In 2013, two Oxford researchers, Frey and Osborne, opened a worldwide discussion with their paper, “The future of employment: How susceptible are jobs to computerization?”1 In their research, which was based on analysis on the U.S. market, they predicted that almost 50% of current jobs will vanish in the years to come because of the ongoing digitization of our economies. Other studies for the European market reached similar conclusions.2
Although controllers, accountants, and auditors are more at the end of the probability list, there will be a fundamental change in the finance world because of digital developments. “Odd finance activities” like moving data, creating spreadsheets, and validating correct figures will disappear because of real-time activities and automatic bookings. New technologies will help reduce closing time because there are no longer balance differences between the accounting and controlling view, thanks to one universal journal for finance and controlling processes.
The “digital finance” revolution: insights through data modeling
However, the finance function will take on a more “creative” role in the future. Finance people will become trusted advisors who can interpret the data more intensively. Furthermore, the ability to work with a huge amount of data will open a door to very good simulation models that can provide a better base for decision-making in a very short time. The dependencies of internal business processes could be combined to show patterns. “Digital finance” could be a revolution comparable to the Big Data models in the weather forecast, which inform decisions on travel and logistics and help farmers gain better results, just as two examples.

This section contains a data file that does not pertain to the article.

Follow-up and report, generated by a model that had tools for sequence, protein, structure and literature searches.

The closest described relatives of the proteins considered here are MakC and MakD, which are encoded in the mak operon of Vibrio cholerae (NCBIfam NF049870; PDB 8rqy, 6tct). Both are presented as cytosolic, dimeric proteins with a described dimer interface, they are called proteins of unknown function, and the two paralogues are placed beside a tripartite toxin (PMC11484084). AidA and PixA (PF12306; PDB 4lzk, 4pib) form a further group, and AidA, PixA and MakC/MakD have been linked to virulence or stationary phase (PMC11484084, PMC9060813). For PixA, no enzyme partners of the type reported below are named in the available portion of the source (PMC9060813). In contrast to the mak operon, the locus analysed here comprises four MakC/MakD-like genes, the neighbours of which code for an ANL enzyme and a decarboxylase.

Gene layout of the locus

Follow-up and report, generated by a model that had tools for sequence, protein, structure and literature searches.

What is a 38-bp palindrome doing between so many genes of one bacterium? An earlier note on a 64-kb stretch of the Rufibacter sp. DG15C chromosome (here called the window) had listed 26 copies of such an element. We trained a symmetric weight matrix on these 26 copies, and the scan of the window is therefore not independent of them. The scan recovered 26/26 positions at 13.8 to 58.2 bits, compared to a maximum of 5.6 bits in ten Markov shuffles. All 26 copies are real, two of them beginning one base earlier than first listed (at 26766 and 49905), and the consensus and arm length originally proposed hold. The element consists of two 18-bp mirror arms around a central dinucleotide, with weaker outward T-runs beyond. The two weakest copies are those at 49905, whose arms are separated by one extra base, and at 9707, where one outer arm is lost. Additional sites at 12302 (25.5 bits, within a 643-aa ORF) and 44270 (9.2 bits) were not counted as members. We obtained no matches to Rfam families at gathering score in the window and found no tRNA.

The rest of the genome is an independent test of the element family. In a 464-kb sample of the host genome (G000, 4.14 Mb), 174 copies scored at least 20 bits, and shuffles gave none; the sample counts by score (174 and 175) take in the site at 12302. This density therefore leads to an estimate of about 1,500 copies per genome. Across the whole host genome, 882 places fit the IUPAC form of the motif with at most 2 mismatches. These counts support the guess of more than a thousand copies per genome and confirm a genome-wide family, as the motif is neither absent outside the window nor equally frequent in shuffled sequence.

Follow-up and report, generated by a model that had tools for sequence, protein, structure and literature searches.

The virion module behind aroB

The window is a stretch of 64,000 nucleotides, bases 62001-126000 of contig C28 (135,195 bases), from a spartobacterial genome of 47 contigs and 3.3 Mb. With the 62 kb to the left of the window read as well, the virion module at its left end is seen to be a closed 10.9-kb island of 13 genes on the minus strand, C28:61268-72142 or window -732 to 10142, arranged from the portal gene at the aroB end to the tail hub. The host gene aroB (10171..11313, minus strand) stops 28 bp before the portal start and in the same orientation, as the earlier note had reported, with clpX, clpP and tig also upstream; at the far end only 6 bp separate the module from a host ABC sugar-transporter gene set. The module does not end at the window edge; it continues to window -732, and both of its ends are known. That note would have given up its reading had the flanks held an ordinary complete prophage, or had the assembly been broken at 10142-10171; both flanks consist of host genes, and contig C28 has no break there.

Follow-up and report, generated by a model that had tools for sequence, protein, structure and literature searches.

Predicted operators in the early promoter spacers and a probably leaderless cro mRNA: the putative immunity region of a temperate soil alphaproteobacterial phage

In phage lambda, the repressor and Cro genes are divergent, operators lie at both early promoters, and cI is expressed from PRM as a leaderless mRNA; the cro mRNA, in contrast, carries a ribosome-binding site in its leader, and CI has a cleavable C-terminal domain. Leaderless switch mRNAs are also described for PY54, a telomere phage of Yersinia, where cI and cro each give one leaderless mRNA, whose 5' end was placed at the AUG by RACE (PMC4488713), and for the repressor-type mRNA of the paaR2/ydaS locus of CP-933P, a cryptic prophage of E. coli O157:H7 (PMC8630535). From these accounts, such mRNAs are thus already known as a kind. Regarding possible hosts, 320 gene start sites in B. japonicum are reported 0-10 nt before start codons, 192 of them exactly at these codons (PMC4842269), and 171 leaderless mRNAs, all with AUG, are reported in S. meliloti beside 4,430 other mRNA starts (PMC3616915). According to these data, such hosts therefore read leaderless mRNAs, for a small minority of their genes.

Another aspect will be the increasing value of optimized processes. Even in the finance world, controlling combined with process knowledge can help to reduce cycle time and thus increase cash flow. The finance and IT departments will work more closely than ever before.
Revelations: collaborative opportunities
But the most important challenge will be digital transformation: How can a company gain additional advantages by using data to create new business opportunities, even with partners they do not yet know or that they never considered candidates for project collaboration? How could a rental model based on clicks work optimally for finance, for instance? How can IP rights be booked in an acceptable manner to reflect the business development from a controlling perspective? What else can we do with Big Data?
Partnerships and bridge-building: good communicators required
In the end, the finance job will change as follows:
- More IT knowledge, alongside finance and controlling know-how, will be required.
- Networking will be important for sharing knowledge quickly about complex topics with experts worldwide.
- Partnership (external as well as internal) will be a very important challenge. The finance staff will thus need to be better communicators than ever before.
- New topics like social media controlling, real-time booking, analytics, and so on will come more into focus. However, typical controlling approaches will not work anymore and thus will have to be redesigned
The finance functions will not be a “must-have” anymore, but an important bridge between the business and the digital world to understand, interpret, and communicate about the transformation process and the finance point of view. However, in the end, it is as John Maynard Keynes said: “We cannot, by international action, make the horses drink. That is their domestic affair. But we can provide them with water!”
Oxford Economics recently surveyed 1,500 finance executives to understand the attitudes of finance professionals toward the function’s changing requirements and challenges. The full study, “How Finance Leadership Pays Off: Six Ways CFOs Stay Ahead of the Pack,” will be published in early June. Click here to request a copy.
- Frey, Carl Benedict/Osborne, Michael A.: The future of employment: How susceptible are jobs to computerization?, Oxford 2013
- Bowles, Jeremy: The computerization of European jobs – who will win and who will lose from the impact of new technology onto old areas of employment?, July 17,2014